My experience with the lens was elation with its image quality, followed by ever-greater frustration about not being able to get that image quality through the wider range of usage. I sold it and got the Canon 50/1.4, which isn't as great wide open, but isn't very far off (and is actually better from f/4 onward) and actually focuses well and consistently from near to far distances.

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biza43
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Re: Besides the heft, is the 50mm 1.4 worth the extra cost over the 1.8
In reply to Bryan Cady, Apr 16, 2013

Yes.

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Cane
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Re: the 50mm 1.4 heavy!
In reply to pete zeugma, Apr 16, 2013

pete zeugma wrote:

try holding a 1Dx and a 500mm all day

Are you suggesting using that combo like a batting ring in baseball, because otherwise it doesn't really make the 50mm 1.4 combo any lighter?

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Keith Z Leonard
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Re: Besides the heft, is the 50mm 1.4 worth the extra cost over the 1.8
In reply to Kabe Luna, Apr 16, 2013

Kabe Luna wrote:

I had the Sigma for a few weeks, and I agree its image quality is hands-down the best of all the available 50/1.4 options (it even fares quite well against the vaunted 50/1.2L). However, from what I understand, it's impossible to get the Sigma to focus at the same point throughout its focus range. By default, it focuses correctly at the mid-range (say, for a waist-up portrait), but it's off for near and long distances–significantly so for wide apertures. If you fine-tune the AF for better close-up or near-infinity results, you give up accuracy, progressively, throughout the rest of the range.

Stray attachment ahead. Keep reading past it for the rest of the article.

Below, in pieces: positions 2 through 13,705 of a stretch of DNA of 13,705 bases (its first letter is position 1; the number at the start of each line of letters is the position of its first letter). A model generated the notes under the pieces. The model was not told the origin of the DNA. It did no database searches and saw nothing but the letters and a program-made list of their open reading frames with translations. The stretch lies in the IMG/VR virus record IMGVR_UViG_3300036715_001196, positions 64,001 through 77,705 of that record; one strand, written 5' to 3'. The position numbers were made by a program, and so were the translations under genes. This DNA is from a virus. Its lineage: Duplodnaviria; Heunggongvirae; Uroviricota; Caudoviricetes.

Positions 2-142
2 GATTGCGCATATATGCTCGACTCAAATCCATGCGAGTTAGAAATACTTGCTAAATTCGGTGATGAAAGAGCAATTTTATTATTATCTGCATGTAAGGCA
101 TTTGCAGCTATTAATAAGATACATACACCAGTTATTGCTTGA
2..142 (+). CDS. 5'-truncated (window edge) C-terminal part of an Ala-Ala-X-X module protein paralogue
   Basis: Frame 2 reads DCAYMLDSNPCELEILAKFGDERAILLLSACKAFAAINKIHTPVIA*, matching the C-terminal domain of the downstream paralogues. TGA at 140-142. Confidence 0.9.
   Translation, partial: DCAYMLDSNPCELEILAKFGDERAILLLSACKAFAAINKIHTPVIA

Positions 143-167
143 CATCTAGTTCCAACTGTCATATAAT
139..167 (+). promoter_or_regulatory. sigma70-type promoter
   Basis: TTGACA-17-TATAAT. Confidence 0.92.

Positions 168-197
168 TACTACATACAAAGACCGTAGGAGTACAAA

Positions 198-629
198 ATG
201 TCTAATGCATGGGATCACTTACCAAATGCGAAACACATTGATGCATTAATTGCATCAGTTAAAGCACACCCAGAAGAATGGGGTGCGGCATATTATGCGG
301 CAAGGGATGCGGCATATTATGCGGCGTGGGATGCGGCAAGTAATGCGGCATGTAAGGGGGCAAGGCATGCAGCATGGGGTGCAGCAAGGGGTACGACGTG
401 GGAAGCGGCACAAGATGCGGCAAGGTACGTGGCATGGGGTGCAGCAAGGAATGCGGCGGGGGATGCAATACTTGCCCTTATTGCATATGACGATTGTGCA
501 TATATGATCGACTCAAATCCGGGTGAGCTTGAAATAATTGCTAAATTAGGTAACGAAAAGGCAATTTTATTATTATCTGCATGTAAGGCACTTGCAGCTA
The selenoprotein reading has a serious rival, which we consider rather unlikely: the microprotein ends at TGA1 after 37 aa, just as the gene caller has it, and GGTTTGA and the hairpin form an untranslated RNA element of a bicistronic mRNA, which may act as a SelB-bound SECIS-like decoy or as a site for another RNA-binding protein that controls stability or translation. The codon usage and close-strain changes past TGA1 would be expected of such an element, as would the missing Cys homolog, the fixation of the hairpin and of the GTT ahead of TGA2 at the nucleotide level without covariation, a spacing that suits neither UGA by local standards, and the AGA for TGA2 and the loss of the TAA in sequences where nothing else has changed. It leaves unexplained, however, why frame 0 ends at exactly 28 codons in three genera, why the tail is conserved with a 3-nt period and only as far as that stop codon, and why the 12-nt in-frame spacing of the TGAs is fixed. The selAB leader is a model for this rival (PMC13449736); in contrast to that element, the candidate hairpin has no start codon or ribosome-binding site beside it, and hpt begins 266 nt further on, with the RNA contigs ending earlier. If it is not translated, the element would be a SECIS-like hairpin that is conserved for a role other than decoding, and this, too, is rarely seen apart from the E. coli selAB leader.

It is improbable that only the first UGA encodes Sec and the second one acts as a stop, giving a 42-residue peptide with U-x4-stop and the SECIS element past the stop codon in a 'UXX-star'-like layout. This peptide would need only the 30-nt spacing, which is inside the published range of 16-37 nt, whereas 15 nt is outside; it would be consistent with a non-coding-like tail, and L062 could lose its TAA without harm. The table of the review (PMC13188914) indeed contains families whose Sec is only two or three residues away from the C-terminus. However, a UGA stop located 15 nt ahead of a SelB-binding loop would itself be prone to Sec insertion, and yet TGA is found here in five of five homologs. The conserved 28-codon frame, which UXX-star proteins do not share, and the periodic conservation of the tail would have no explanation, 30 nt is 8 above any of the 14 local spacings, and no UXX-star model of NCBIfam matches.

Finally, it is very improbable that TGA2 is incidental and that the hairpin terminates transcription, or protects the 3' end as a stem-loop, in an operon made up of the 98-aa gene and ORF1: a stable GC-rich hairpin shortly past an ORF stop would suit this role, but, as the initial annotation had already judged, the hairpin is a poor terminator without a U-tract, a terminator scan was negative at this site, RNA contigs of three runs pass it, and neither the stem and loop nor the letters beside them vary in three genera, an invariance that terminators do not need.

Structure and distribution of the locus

I would say that your understanding might be flawed.  YOU can't do it with MFA, but the Sigma optical bench seem to have done a fine job on mine.

My experience with the lens was elation with its image quality, followed by ever-greater frustration about not being able to get that image quality through the wider range of usage. I sold it and got the Canon 50/1.4, which isn't as great wide open, but isn't very far off (and is actually better from f/4 onward) and actually focuses well and consistently from near to far distances.